CHARLESTON, W.Va. – The House of Delegates this past week refined and advanced its proposal for comprehensive education reform for West Virginia schools.
The House overwhelmingly passed on a bipartisan basis its alternative to Senate Bill 451 on Thursday, after more than a week of consideration, public hearings and extensive debate on the bill.
“We went line-by-line, point-by-point through this bill to work with all parties in order to build consensus and support for the House’s changes to this bill,” said House Education Committee Chairman Danny Hamrick, R-Harrison. “In the end, we drafted a product that was able to pass this House on a wide 71-29 margin.”
The bill significantly changed many provisions included in the original version that passed the Senate. It removed controversial elements such as the paycheck protection and non-severability clauses. It also removed the education savings accounts proposal from the bill.
The House version also converted the Senate’s proposal for unlimited charter schools to a pilot program that would allow two current, low-performing schools to convert into public charter schools if the local school boards, teachers and parents support the move. The House version also provides $5 million for school Innovation Zones, which are public schools that have more flexibility to provide education services.
Additionally, the bill provides significant increases in funding for the education system, including an average 5-percent pay raise for teachers and service personnel, a $2,000 incentive for teachers to become certified in math instruction, a $250 tax credit for teachers and service workers who purchase school supplies, and a $1,000 year-end bonus for teachers and service workers who miss less than four days of work in order to cut down on the need of substitutes.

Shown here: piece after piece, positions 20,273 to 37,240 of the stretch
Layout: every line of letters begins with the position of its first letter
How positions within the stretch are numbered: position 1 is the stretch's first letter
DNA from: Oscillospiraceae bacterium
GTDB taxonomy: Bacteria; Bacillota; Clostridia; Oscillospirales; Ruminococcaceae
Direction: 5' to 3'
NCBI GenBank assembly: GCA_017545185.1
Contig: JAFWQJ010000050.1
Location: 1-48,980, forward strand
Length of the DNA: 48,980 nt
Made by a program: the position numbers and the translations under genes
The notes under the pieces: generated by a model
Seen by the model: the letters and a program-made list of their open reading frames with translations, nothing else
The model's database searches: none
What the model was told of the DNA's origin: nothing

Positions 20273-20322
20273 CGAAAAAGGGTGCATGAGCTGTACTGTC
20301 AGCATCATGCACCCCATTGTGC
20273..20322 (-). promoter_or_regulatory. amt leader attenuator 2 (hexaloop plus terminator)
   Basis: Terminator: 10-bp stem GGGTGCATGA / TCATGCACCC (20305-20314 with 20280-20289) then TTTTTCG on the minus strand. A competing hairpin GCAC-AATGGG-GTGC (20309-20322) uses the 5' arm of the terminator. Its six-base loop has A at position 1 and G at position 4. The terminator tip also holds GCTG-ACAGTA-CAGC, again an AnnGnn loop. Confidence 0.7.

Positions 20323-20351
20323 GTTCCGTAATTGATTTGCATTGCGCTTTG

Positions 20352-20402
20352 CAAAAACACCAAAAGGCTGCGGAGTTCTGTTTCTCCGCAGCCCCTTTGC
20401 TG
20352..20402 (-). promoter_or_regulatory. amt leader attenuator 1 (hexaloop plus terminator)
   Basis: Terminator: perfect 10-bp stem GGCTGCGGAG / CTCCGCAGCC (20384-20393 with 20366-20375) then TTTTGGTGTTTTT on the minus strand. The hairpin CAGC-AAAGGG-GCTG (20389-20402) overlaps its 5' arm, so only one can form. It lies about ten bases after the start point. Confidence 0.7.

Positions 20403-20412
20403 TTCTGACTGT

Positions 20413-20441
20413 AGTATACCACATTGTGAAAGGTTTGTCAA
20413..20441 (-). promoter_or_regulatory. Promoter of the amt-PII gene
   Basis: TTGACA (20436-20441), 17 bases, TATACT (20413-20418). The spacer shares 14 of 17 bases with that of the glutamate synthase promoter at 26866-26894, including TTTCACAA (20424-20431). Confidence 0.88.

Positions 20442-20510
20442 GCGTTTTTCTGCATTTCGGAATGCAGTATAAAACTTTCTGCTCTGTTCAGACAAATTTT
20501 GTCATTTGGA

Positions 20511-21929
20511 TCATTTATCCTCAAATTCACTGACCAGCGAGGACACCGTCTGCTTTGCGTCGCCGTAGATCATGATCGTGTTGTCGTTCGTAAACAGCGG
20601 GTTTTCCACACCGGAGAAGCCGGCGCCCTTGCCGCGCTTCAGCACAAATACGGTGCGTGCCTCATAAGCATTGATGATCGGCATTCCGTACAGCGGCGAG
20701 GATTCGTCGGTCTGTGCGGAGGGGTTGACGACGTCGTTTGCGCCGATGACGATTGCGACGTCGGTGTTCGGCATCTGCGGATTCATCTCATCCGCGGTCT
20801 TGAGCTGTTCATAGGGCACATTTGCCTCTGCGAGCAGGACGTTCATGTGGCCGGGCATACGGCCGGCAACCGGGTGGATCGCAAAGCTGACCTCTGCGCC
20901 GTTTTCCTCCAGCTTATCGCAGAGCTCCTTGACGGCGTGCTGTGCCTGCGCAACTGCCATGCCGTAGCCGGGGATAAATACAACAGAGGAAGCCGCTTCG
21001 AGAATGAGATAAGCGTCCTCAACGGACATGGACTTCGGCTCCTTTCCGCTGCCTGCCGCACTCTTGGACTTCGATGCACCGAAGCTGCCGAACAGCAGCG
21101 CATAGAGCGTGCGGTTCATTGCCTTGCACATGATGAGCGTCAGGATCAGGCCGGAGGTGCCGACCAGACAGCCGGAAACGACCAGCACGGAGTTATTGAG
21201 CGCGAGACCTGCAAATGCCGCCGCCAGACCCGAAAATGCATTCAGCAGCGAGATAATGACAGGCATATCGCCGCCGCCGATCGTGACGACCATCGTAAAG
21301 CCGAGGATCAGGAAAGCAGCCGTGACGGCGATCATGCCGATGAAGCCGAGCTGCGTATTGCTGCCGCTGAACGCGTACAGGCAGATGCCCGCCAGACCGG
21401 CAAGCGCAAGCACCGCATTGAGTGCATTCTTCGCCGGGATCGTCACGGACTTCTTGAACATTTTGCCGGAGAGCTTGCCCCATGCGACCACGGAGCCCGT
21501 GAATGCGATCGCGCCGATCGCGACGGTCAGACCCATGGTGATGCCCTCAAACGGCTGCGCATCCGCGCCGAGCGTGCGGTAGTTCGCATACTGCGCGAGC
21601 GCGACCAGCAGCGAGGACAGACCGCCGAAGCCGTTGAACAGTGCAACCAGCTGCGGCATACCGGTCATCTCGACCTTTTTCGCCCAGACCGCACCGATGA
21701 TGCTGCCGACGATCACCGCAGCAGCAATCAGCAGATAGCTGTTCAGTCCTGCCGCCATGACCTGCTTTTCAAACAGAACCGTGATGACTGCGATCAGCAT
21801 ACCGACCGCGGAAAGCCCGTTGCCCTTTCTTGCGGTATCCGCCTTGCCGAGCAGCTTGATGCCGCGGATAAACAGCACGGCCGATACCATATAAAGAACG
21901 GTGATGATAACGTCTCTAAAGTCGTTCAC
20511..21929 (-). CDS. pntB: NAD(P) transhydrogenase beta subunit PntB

The bill also changes the school aid formula to put a 1,400 floor on the number of students considered for funding purposes. This means 11 low-population counties – Pocahontas, Pendleton, Tucker, Gilmer, Webster, Richie, Calhoun, Tyler, Wirt, Pleasants and Doddridge counties – will instantly see an increase in funding to help cover their fixed costs of operating their school system.
The bill also allows for an additional $24 million in school funding to hire more counselors, nurses and other support personnel, as well as raises the amount of time counselors are required to spend with students, in order to help children struggling with mental health issues or problems stemming from a troubled home environment.
To boost safety, the bill now provides for one law enforcement officer to be placed in each school to protect and serve the students and staff.
“This bill will provide an additional $200 million to our schools, classrooms, teachers and other employees to improve the system as a whole,” Chairman Hamrick said. “This is a significant investment in our education system that will benefit every student, teacher, school worker and all connected to it.”
In addition to the direct state funding, the bill also allows county school boards to consider asking voters to increase the regular levy rate that funds schools on the county level. If the voters approve the levy increase, counties can use those funds to increase local pay or make other investments in their school system without having their state aid reduced.
“We believe in greater local control in our school system,” said Delegate Dianna Graves, R-Kanawha. “Giving voters the control over how their county school system is funded will provide greater flexibility at the local level for parents, teachers and students to have a say in how their local system operates rather than having it dictated to them by lawmakers and bureaucrats in Charleston.”
The bill now goes back to the state Senate to consider the House changes to their bill. The Senate can either concur, reject or amend the House version. If the two houses disagree on which version is best, the bill will go to a conference committee to negotiate a potential compromise.